Politics & Policy

Republican Leaders Should Dump Obama’s Budget Deal

(Win McNamee/Getty)

Power of the purse?

As if!

Senate majority “leader” Mitch McConnell (R., Ky.) has joined Representative John Boehner (R., Ohio) in the outgoing House speaker’s final insult to the Republican party. They want to gift-wrap their shared Prada purse, hand it to President Obama, and let him flog Republicans with it until he leaves office. These twin jellyfish have agreed to a budget deal that snatches from Congress its best weapon to keep Obama at bay for the roughly 15 months that remain in his increasingly destructive and venomous reign.

Despite campaign promises of “regular order,” which helped them win control of Congress less than a year ago, McConnell and Boehner instead met behind closed doors with House Democratic leader Nancy Pelosi of California and her Senate counterpart, Harry Reid of Nevada. Boehner and McConnell — surprise, surprise — lost this game of strip poker. Although they are in the minority of both legislative chambers, Pelosi and Reid remain fully clothed. Boehner and McConnell, conversely, are in their birthday suits. They agreed to raise the national-debt ceiling through March 2017 — two months after Obama leaves office. Also, federal spending is to be rolled into a big ball over the next two years. Obama can do whatever he wants until he finally crawls like a flea out of America’s hair. And Congress will be unable to withhold funds for Obama’s escapades, because they already will have given him a purse full of tax dollars. He can yank cash from it, spend some more, and then smack it repeatedly over Republicans’ heads.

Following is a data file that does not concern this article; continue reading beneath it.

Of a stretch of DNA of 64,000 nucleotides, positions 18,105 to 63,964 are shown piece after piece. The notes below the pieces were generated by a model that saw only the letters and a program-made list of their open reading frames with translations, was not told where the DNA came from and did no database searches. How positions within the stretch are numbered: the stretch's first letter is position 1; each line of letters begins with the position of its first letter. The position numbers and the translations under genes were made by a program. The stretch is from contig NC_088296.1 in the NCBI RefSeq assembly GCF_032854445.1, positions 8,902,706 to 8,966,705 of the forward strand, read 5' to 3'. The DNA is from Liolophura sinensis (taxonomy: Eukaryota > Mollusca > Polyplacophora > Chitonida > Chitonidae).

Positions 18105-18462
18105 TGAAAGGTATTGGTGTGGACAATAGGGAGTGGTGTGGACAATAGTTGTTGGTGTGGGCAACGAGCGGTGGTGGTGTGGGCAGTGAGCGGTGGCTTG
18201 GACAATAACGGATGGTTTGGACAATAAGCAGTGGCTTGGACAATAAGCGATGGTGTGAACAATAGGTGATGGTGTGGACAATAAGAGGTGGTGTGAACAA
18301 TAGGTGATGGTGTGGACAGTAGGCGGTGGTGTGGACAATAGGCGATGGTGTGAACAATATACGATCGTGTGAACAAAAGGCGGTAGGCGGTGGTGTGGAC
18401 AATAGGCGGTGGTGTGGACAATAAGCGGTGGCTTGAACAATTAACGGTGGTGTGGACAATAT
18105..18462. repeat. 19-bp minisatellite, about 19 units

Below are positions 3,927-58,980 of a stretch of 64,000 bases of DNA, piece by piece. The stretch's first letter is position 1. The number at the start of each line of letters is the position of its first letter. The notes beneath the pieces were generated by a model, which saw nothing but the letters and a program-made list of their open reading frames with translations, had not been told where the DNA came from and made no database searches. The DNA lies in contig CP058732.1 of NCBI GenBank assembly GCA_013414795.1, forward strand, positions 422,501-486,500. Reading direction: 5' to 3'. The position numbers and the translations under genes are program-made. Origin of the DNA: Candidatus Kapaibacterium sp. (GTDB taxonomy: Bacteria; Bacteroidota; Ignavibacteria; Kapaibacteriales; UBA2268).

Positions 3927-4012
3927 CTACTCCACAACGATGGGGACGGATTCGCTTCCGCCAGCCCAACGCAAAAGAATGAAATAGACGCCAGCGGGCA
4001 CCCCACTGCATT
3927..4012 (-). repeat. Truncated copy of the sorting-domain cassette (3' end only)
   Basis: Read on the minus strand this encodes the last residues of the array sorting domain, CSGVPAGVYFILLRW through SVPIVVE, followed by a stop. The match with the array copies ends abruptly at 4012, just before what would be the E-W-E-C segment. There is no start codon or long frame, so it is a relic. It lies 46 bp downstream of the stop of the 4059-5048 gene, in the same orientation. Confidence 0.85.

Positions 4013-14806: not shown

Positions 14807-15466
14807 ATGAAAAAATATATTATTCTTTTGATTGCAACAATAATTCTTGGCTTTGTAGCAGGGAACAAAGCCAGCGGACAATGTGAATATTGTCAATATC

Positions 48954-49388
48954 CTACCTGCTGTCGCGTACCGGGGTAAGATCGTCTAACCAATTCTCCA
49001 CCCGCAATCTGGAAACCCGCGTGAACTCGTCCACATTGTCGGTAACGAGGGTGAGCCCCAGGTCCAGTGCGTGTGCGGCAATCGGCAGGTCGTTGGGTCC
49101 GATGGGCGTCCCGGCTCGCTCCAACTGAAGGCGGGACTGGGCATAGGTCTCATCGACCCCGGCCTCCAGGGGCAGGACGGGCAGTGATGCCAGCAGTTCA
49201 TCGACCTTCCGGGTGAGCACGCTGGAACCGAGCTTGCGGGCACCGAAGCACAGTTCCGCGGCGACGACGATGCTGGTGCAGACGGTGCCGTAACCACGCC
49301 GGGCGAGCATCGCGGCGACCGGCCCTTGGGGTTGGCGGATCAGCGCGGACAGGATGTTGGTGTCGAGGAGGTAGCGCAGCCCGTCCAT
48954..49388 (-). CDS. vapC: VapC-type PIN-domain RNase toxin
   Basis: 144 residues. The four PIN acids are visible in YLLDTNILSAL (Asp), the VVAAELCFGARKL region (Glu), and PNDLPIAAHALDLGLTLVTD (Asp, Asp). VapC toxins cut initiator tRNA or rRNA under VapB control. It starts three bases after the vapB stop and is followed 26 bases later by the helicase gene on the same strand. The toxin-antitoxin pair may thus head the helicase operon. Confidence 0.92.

RELATED: An Awful Budget Deal

This afternoon brought additional details, courtesy of Fox News. They only make matters worse:

• Federal spending rises $80 billion over the next two years.

• A $32 billion emergency defense appropriation, already agreed upon, has vanished.

• Social Security disability and Medicare expenditures are set to be cut. Republicans, likely will be blamed for this, no matter who cooked up this idea.

All of this in exchange for . . . the glory of “governing.” This word is Potomac for “Republican help in securing Democratic policy goals and spending priorities.”

This is beyond betrayal of the rank-and-file Republican voters (as well as independents and even some Democrats) who gave the GOP its legislative majorities last November in the naïve expectation that they would halt Obama’s excesses, rather than wave him along, like a coach urging a player to leave second base, round third, and fly home. Boehner and McConnell’s spectacular capitulation makes historical French military retreats resemble Operation Overlord.

RELATED: The Budget Deal Has No Pretense of Fiscal Responsibility Whatsoever